The Marvel Land rumors itself sounds incomplete. $300 million is not small change. The budget should be sufficient enough to do a complete rehab of Hollywood Land, but sadly, it sounds like they won't. They should just dump the Hollywood theme and go full Marvel. By the time they begin construction well after Star Wars opens and they finish Marvel Land, the Frozen musical may have run 10 years. It's time to consider a new show. There's absolutely no reason to hold back the Hollywood theme to accommodate any existing attractions.

August 18, 2016, 2:29 PM

So what's the theme of DCA? It's getting really muddled. Is this what's in store for DHS? No thanks.

Edited: August 18, 2016, 3:39 PM

AJ Hummel, why does it take so long for the lands and attractions to begin building? For example, the first Frozen movie came out in 2013, lets say Frozen 2 comes out in 2020, that's seven years between them. That is a long time. People may not care about Frozen so much then. Disneyland should have capitalized with a Frozen mini-land around the time the first movie came out. It would have made more sense rather than waiting seven years later. I'm sure Frozen 2 will be popular, so I do see why Disneyland would plan to make a Frozen land and attraction then. However, like Disney World, Disneyland should have had at least a Frozen attraction already in the park. They could always build on it down the road.

I'm sure the lands and attractions need to be approved, and within budget in order to begin building. But why does it take so long? Disneyland should have already announced a Frozen land, and either had it built, or begun building one.

I understand why Disneyland is creating a Star Wars Land. Stars Wars is a gold mine, and has always been a popular franchise. However, again, Disneyland should have announced Star Wars Land years ago, and should have already been built. The first installment, Star Wars: The Force Awakens, was released in 2015, and Star Wars: Episode VIII will be released in December, 2017. Why wouldn't Disneyland already have the land built, in order to coincide with the first two movies? I know, the third movie, Star Wars: Episode IX, comes out in 2019, the year Star Wars Land will be completed, but why the wait? I'm a little confused on why these things take so long? In my opinion, both Star Wars Land, and Frozen Land should have both already been completed. It makes more sense from a marketing standpoint. You should capitalize when something is already popular.

August 18, 2016, 9:03 PM

Keith, my interpretation of DCA now is that it is supposed to be themed to Disney Adventures taking place in California. It is honestly a very weak overall theme and the park is inconsistent about portraying it well, but that seems to be what the park has become. Personally, I wish they would have dropped California and completely rebranded the park when they did the makeover, but I don't see that happening anytime soon at this point.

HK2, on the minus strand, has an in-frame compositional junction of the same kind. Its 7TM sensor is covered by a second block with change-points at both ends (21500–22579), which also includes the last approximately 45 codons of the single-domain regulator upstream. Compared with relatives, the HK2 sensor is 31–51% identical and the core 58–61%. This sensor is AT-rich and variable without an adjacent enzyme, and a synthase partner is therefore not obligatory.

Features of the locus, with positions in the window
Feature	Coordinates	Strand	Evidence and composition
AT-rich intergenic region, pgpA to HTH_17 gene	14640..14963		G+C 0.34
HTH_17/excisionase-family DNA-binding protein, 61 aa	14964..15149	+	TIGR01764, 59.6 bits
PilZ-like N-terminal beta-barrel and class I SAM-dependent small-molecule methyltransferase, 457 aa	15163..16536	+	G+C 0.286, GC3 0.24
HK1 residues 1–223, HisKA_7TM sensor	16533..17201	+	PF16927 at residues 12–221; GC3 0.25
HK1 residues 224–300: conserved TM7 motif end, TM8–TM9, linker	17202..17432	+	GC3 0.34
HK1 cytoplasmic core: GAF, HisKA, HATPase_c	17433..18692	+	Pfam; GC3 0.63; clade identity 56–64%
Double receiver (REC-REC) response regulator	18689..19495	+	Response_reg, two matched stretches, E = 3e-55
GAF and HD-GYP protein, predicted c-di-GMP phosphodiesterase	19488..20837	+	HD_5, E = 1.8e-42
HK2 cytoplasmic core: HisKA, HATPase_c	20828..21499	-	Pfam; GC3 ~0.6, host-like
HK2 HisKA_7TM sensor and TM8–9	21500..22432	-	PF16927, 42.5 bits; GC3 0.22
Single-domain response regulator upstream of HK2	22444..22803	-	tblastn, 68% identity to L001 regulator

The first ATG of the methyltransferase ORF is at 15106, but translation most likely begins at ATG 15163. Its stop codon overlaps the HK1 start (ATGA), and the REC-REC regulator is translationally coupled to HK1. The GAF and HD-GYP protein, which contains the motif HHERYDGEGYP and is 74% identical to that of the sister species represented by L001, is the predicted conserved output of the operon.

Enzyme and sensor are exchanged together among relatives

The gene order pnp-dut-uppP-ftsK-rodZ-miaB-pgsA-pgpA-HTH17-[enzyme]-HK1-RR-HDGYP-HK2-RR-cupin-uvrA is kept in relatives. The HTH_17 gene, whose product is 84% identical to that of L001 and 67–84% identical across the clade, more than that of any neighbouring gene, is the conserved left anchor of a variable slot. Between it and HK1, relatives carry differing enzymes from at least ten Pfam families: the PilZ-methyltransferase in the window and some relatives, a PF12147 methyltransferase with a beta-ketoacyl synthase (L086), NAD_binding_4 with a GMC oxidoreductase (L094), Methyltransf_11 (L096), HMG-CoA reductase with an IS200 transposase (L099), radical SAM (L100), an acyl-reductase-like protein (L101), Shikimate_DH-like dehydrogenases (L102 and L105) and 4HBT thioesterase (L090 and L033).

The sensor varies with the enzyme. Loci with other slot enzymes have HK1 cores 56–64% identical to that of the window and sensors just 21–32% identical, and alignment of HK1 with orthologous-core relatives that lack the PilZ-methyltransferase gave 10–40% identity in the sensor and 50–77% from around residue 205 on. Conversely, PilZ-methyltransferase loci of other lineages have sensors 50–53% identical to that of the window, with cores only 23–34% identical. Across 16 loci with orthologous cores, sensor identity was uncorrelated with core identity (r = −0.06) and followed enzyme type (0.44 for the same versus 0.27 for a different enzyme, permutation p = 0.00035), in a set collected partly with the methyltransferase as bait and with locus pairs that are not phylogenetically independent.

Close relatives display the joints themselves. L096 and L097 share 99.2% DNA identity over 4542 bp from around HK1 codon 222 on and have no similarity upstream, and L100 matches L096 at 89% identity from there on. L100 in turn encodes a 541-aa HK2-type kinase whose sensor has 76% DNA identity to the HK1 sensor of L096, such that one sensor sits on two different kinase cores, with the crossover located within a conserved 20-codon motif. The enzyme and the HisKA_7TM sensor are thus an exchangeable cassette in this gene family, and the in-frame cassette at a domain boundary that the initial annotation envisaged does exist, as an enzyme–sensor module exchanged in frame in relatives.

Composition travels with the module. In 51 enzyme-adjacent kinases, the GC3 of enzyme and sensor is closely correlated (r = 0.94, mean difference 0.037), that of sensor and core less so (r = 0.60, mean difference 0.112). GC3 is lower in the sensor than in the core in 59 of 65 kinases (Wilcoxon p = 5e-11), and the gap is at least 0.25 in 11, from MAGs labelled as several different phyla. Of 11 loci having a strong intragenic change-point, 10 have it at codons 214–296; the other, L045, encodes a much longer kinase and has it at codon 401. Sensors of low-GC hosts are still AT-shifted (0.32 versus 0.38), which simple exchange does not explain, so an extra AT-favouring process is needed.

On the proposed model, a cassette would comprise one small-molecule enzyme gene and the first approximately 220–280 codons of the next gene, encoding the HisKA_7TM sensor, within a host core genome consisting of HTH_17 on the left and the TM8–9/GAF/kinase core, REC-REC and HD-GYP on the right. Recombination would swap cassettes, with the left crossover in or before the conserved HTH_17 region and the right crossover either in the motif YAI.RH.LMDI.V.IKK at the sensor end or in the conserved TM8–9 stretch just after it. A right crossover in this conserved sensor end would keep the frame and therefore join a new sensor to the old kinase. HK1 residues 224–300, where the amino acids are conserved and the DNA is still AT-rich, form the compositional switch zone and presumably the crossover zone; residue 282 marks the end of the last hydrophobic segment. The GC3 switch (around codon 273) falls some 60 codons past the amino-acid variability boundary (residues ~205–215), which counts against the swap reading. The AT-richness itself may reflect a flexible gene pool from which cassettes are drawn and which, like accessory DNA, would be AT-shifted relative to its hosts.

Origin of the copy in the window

Timbo23, different things simply take different amounts of time. It is not uncommon for a high quality animated movie to take 3-4 years just to animate, with more time being needed in pre-production and post-production. Assuming there was no work done on Frozen 2 until the demand for a sequel was established, a 7 year production time isn't too far out there. As for theme park attractions, there is always a risk when building something based on untested IP. Start work too early, and you risk being stuck with an attraction based on a failed IP. Start too late, and you could miss the ideal window and wind up with less popularity than originally anticipated.

In many projects, there are three elements that need to be balanced: speed, cost, and quality. However, it is impossible to do all three, so one will always be given low priority. If you want a quality project done at a reasonable price, it will take time. If you want a quality project done quickly, it is going to be extraordinarily expensive. If you want a project done quickly on a reasonable budget, the quality is going to suffer. It is impossible to do a quality project quickly while also keeping the budget reasonable. If Disney wanted to, they could have had Star Wars Land done next year, or even in 2015, and there were talks of doing it more quickly. However, that would have resulted in a smaller land that would likely lack the detail the final land will have in order to stick to an acceptable budget for the project. Also, keep in mind that it often takes 5 years or more for a Disney project to go from concept to completion and Disney probably didn't begin any work on Star Wars Land until they secured the rights to the franchise.